Don't lose yourself, don't forget who you are. Grades are important, but the true measurement of self-worth and accomplishment is that you tried your best.

Trying your best, and working hard for your goals is something that is A-worthy.

Reserve time for yourself, for your sanity, your health, your mental health.

At the end of the day, grades might look nice on a piece of paper, but who you are and how you represent yourself can be even more honorable.

Kate
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If You're Worried About Your Major, Read This

One of the tougher decisions in our young adult lives, but is totally worth the wait.

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People always say "I'm not a school person," but that statement doesn't mean anything. Sure, you can dislike school, but everyone is a school person because you kind of have to be. The hardest thing about going through years of school is finding what you're truly passionate about, finding that one thing that makes every day of hard work worth it.

Took me a while to find my one thing, but I did.

I have never been good at science or math, I'm not terrible at it because I wanted to understand it, to an extent. At times I was discouraged by the fact that I wasn't the best in those subjects because those were always the subjects in school that you wanted to be good at. I always thrived in English, writing and journalism classes in school. I found my true purpose through my ability to write and share my thoughts with others.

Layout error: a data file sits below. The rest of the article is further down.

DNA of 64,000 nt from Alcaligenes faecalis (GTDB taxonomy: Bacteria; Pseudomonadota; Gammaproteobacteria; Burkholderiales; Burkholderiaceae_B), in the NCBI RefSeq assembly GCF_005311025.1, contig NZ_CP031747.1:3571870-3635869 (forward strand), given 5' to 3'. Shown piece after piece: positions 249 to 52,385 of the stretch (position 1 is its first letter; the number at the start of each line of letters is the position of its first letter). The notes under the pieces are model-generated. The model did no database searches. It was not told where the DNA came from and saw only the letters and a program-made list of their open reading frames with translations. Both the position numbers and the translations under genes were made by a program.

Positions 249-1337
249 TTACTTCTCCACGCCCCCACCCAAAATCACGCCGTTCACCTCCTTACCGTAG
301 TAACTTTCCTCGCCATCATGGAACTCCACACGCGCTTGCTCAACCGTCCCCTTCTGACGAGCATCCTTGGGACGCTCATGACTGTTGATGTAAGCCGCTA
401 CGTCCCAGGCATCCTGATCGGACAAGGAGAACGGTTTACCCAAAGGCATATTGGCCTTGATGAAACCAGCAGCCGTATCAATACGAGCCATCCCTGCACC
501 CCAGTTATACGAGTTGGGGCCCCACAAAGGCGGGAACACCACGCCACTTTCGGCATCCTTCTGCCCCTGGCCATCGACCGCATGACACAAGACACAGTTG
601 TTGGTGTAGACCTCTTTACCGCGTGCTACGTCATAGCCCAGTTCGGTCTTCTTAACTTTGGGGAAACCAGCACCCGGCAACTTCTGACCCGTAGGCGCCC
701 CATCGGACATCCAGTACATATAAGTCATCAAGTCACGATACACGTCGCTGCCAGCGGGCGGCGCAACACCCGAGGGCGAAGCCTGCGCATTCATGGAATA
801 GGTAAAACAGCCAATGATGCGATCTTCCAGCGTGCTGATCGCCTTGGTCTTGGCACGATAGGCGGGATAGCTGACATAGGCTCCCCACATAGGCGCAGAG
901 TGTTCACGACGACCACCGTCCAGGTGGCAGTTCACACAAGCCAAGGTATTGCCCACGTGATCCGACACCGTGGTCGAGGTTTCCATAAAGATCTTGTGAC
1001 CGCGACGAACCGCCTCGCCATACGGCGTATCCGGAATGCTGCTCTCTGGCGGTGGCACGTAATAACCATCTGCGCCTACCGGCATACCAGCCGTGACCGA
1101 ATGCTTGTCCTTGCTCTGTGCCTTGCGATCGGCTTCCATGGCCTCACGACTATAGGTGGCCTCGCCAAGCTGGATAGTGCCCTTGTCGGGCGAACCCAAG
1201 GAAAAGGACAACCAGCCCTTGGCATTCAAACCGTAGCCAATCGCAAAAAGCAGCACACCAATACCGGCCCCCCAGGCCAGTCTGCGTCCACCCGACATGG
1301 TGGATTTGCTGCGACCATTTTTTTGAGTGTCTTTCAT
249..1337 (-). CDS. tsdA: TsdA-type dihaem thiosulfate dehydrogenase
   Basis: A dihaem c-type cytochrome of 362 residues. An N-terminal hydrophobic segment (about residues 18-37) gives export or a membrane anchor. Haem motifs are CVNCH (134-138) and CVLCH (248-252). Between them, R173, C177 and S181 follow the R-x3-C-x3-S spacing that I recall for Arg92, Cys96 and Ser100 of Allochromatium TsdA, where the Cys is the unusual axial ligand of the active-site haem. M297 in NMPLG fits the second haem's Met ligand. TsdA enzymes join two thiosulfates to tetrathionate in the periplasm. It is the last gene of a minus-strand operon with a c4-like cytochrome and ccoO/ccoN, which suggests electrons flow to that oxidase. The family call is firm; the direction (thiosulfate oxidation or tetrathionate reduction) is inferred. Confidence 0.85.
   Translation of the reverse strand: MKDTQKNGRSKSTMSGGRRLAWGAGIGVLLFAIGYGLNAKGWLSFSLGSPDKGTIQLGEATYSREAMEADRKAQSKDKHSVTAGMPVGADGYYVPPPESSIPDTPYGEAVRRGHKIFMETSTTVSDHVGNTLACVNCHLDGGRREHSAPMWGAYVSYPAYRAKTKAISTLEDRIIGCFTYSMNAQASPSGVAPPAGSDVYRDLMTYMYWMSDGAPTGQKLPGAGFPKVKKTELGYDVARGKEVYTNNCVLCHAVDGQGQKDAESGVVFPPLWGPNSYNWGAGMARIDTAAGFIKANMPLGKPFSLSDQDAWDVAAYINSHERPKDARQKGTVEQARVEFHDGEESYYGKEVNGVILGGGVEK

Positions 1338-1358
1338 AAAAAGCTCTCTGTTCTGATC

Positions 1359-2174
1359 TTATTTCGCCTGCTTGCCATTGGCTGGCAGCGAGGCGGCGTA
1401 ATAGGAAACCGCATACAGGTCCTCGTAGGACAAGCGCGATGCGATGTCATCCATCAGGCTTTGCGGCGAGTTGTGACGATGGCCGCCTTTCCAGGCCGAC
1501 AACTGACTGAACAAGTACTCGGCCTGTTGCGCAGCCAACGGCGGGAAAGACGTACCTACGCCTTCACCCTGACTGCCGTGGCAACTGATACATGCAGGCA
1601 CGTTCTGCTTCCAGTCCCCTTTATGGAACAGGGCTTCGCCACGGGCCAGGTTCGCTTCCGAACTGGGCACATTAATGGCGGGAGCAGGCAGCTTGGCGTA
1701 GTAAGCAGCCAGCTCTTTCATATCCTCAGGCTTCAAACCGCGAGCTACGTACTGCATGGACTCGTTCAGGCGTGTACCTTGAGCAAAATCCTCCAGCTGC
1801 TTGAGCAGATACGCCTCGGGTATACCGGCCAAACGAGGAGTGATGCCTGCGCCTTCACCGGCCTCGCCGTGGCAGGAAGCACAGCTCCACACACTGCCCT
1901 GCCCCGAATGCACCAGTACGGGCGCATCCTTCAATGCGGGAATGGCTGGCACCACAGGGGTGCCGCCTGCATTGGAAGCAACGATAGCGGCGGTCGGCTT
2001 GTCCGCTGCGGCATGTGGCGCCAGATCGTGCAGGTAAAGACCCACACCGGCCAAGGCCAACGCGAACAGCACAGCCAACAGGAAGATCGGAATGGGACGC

I always knew I was a good writer, but I was doubtful going into my senior year because I wasn't sure what I would be able to do in college with my writing skills. That's when I discovered my high school newspaper and became aware of the many opportunities and advantages my writing skills gave me going into college. I knew journalism was what I wanted to study.

During my senior year, I discovered a whole new area of interest in an AP high school course, politics. My family has always been very passionate and invested in politics, but it never seemed like something I would want to be involved in. When I took AP government and politics, it was just to earn more AP credits for college, there was no other reason behind taking the class. I fell in love with politics and the way our government works. I know it's boring to most people, but it is something I will always want to know more about.

My love for politics kept growing and I wanted to take more classes my senior year to keep learning about this complex topic. My interests turned me towards the subject of law and I fell in love immediately. Law, like politics, is complicated and so interesting to me. I loved these classes because I was able to easily understand the terms and concepts which made me want to learn even more.

The question I kept asking myself was, "is this what I'm supposed to be doing?" I knew I had this new desire to be a lawyer. I couldn't help but wonder how my passion for writing and politics/law would be able to work together in college.

When I first came to college, my major was (and still is) journalism. I didn't want to declare a minor yet because I wanted to figure out how politics could help my education. I spent a lot of time talking to my neighbor at home who is a criminal defense attorney, he steered me in the right direction by telling me that unless I was certain I wanted to be a lawyer, I shouldn't major in political science.

So with that information, I made my decision. I decided to keep my major and declare my minor as political science in hopes of being able to go to law school when I am done with undergrad.

Moral of the story is that you will find what you're meant to do and when you do all the waiting will be worth it.